Simple Compassion Blog Tour

Simple Compassion: Devotions to Make a Difference in Your Neighborhood and Your World, by Keri Wyatt Kent,  is a 52-week devotional which "invites you to discover a life overflowing with creative compassion" (back cover matter).  I was provided a copy of this book by the publisher to review during this week's blog tour.

At the end of each weekly reading, Kent provides action steps ("Compassion Steps" and "Community Steps")  to help the reader move from reading to action.  I am looking forward to working through some of these steps in the coming year, both individually and with my family.  Some of the steps are more "thoughtful", some more definitely "practical", but all are thought-provoking.  The steps not only directed at helping others, but also at changing one's own heart and mind.

I appreciate Kent's honesty and openness in her writing.  She is transparent in sharing that she isn't "there yet" in various areas...she is writing as one in the midst of the journey, rather than as an "expert".

While I am looking forward to spending more time in this book this year, I do have a word or two of caution:

First, the author is open that she is not a "conservative", nor does she think particularly highly of those who are.  Early in the book, she says, "I'm not looking to pick a fight with conservatives.  Well, okay--maybe I am." (p. 21)  Later in the book, she describes an acquaintance as a "wacko right-wing conservative..." (p. 129).  For those of us who do consider ourselves conservatives, those things can be rather off-putting. :)

Kent in particular does not hold at all to a conservative Christian view on women.  She sees such a view as limiting and restricting to women.  I do not in any way agree.  I see it as highly valuing women; their roles may be different from those of men while being no less important or valued.  If you are an "eat the meat and spit out the bones" conservative woman, you may still get much out of this book.  If you are one who would prefer not to read a book written from a more liberal perspective on women, you may want to skip this one.  (I actually tend to fall more into the latter category, but do make exceptions on occasion. :))

Another, more minor point to be aware of.  I tend to think of  "devotionals" as containing a particular Scripture reading as a prominent part of the day's reading.  Simple Compassion does contain Scripture peppered through the readings, mixed in with quotes and anecdotes, but not necessarily a focal Scripture for the week.  There is a listing of the Scriptures referenced in each reading in the "leader's guide" in the back of the book.  

An optional part of this week's blog tour is the "Simple Compassion Challenge".  The challenge is as follows:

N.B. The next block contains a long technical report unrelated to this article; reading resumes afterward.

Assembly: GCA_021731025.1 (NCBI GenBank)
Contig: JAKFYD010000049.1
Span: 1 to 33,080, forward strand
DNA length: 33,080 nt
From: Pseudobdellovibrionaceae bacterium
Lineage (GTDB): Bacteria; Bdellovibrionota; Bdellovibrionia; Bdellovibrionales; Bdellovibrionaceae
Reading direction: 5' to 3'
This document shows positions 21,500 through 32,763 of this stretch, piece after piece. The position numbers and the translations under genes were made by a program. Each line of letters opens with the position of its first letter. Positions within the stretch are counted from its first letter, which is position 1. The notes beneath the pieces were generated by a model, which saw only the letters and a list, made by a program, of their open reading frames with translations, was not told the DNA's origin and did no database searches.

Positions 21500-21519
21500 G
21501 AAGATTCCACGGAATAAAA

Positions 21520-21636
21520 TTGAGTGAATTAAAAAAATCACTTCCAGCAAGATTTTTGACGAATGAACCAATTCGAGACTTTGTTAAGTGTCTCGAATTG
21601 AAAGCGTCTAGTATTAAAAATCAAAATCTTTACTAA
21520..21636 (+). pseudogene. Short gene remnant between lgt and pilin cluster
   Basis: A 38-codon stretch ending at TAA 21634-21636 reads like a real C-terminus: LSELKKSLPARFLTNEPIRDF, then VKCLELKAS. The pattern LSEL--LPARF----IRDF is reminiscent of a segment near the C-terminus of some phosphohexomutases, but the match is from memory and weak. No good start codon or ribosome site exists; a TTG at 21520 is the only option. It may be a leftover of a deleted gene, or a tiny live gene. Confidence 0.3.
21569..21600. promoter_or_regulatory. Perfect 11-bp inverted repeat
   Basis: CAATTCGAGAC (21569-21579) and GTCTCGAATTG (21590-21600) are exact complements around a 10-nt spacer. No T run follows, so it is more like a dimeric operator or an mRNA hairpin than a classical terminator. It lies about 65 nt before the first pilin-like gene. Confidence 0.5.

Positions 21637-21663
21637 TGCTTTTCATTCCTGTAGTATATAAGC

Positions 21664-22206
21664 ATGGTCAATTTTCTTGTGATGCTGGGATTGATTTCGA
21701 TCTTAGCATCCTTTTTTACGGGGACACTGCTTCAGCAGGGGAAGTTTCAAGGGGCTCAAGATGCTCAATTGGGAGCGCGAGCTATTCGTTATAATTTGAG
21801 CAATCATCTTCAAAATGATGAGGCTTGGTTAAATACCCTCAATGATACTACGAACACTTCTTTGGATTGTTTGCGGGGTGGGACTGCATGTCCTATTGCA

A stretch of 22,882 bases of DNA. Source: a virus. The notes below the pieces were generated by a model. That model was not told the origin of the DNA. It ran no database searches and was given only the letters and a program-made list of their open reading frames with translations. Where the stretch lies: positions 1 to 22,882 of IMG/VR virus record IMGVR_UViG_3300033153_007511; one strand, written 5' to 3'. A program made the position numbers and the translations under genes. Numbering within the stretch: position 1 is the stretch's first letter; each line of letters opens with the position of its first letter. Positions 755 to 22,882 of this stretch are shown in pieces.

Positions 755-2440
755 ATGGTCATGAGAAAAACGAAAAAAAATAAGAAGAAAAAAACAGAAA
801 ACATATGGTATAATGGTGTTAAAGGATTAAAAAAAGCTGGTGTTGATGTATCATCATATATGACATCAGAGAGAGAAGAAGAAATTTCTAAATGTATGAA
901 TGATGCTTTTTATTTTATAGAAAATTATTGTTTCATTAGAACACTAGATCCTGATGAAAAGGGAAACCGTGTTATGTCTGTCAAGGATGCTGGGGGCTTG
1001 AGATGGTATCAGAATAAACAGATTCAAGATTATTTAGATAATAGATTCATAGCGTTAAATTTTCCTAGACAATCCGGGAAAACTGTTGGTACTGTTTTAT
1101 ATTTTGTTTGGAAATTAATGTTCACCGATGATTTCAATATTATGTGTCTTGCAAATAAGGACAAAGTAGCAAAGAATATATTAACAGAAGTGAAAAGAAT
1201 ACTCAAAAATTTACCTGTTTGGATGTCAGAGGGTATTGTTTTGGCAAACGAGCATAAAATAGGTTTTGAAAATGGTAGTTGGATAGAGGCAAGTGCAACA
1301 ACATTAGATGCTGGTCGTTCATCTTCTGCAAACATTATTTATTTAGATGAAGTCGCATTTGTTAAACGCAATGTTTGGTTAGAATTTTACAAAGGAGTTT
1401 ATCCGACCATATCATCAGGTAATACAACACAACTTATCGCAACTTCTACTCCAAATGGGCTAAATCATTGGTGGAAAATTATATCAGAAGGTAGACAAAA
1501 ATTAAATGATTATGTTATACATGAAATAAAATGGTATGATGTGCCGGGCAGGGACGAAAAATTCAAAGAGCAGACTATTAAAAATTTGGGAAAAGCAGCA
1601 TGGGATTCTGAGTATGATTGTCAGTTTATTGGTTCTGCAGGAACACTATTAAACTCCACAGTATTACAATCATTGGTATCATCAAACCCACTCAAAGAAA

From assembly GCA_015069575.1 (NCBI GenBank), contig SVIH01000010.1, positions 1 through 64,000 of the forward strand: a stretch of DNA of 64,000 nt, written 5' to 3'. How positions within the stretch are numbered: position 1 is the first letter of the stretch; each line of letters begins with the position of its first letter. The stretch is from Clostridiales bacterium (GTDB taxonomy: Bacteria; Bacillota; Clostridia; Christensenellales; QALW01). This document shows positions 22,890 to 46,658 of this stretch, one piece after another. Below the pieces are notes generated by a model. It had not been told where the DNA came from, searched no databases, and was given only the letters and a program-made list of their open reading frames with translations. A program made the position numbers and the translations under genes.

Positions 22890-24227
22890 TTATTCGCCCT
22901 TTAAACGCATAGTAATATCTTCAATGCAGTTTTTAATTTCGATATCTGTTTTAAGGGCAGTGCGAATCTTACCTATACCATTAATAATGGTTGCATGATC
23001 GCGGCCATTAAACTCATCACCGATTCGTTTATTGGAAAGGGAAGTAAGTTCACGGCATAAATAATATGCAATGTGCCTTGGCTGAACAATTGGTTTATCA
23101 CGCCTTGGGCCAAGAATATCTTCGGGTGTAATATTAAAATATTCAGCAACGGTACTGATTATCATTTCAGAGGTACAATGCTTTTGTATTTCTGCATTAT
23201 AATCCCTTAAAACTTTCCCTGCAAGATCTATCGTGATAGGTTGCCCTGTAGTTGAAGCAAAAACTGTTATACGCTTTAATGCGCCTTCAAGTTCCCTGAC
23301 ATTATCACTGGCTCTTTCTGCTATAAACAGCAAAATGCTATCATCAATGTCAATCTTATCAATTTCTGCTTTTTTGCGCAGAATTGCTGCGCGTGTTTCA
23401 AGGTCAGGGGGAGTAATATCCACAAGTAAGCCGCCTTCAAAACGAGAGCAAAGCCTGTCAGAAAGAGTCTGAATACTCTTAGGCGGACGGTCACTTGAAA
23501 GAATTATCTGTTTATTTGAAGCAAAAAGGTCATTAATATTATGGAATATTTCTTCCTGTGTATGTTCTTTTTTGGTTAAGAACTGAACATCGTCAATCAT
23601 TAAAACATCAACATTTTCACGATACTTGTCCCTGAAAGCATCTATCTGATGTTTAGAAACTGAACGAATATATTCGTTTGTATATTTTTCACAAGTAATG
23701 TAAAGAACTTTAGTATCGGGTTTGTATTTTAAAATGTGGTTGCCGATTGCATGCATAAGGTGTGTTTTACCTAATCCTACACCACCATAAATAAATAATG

"Choose to intentionally perform one “act of compassion” per week for the month of January. It could be as simple as writing a note of encouragement to a friend or as involved as giving up a Saturday to take sandwiches to the homeless in your area. Feel free to be creative, the only stipulation is to be intentional."

I'm in for the challenge.   I plan to post weekly challenge updates.  Some weeks may be individual acts, some may be "school projects" for the kids and I, or a project for the whole family.  We'll see how the month unfolds. :)   If you would like to participate in the challenge with us, let me know in the comments.   I'd love to hear what your plans or experiences are!

Be sure to check out the other blogs participating in the Simple Compassion tour this week!


Debbie said...

Hmm ...you shared some info about this author that I didn't know. However, I've read excerpst from this book on the Zondervan devotional website and really enjoyed what I read. So, I'll have to stay tuned to read what an admittedly conservative woman thinks about this book.


Keri Wyatt Kent said...

Jennifer, thanks so much for reviewing my book. I did want to clarify about the context of the quote you shared about conservatives--I'm not saying I disagree with all conservatives about everything. That would be impossible since people who call themselves conservative hold many different viewpoints. (I hold a conservative viewpoint on a few issues myself). The context of the comment is a chapter about a woman whose story is told in the New Testament, Priscilla. Because the bible tells us that she taught Apollos, a man, about Scripture and theology, I think there is biblical precedent for women teaching men. There are some conservatives who would disagree with me. I respect all viewpoints--I hope that comes across in the book. And it's just my opinion about that one particular passage in the Bible.
I'd love to hear more about what you think about the rest of the book!

Anonymous said...

I loved reading your review. Thanks!

Anonymous said...

Thanks for participating in the tour!